Edward Crane Truman, a television and radio pianist and composer prominent in the 1950s, ’60s and ’70s, died of an aneurysm Nov. 1 at Cedars-Sinai Medical Center. He was 82.
Born in Des Moines, Iowa, Truman began his career as assistant program director for Coles Broadcasting in Des Moines, later continuing with Armed Forces Radio.
After moving to Hollywood, Truman rose in prominence in the 1950s, composing and directing music for TV series for the three networks.
Truman composed for series such as “Matinee Theatre,” “Ellery Queen” and “The Untouchables,” as well as for recording stars Connie Haines and Beryl Davis. His musical talents brought him collaborations with Rhonda Fleming, the Lane Sisters, Hal Kanter, Steve Allen and Ronald Reagan.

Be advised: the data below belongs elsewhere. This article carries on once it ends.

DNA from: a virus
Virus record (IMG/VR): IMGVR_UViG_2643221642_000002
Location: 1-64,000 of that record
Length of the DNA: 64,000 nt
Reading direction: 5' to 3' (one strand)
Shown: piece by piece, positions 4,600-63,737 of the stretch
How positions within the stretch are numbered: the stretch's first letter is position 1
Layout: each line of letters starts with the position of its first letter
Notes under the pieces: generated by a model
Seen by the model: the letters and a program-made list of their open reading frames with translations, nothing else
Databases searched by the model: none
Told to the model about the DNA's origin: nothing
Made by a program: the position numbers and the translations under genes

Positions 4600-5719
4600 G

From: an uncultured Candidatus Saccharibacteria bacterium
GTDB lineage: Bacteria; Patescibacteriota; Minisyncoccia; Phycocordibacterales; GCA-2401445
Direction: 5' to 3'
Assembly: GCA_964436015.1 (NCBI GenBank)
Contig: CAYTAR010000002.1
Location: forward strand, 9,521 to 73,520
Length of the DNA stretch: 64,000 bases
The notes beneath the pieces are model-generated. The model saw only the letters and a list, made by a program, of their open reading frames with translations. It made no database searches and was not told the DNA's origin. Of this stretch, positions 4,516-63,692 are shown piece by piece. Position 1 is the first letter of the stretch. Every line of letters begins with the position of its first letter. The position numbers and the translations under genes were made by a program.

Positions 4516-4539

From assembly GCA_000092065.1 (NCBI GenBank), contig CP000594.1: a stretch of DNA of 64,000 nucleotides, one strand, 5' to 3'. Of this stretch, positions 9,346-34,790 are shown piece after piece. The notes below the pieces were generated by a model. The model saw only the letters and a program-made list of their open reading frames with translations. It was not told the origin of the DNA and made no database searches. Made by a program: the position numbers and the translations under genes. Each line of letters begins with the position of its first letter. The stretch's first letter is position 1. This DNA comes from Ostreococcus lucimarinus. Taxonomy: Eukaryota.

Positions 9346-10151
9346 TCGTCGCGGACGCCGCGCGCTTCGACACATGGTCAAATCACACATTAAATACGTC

In 1984, Truman established an endowment in religious studies at UC Santa Barbara. He remained active in fostering higher education as well as serving in the music branch of the Academy of Television Arts & Sciences until shortly before his death.
Truman is survived by a son, Robert.
Contributions in Truman’s memory may be made to the UCSB Foundation.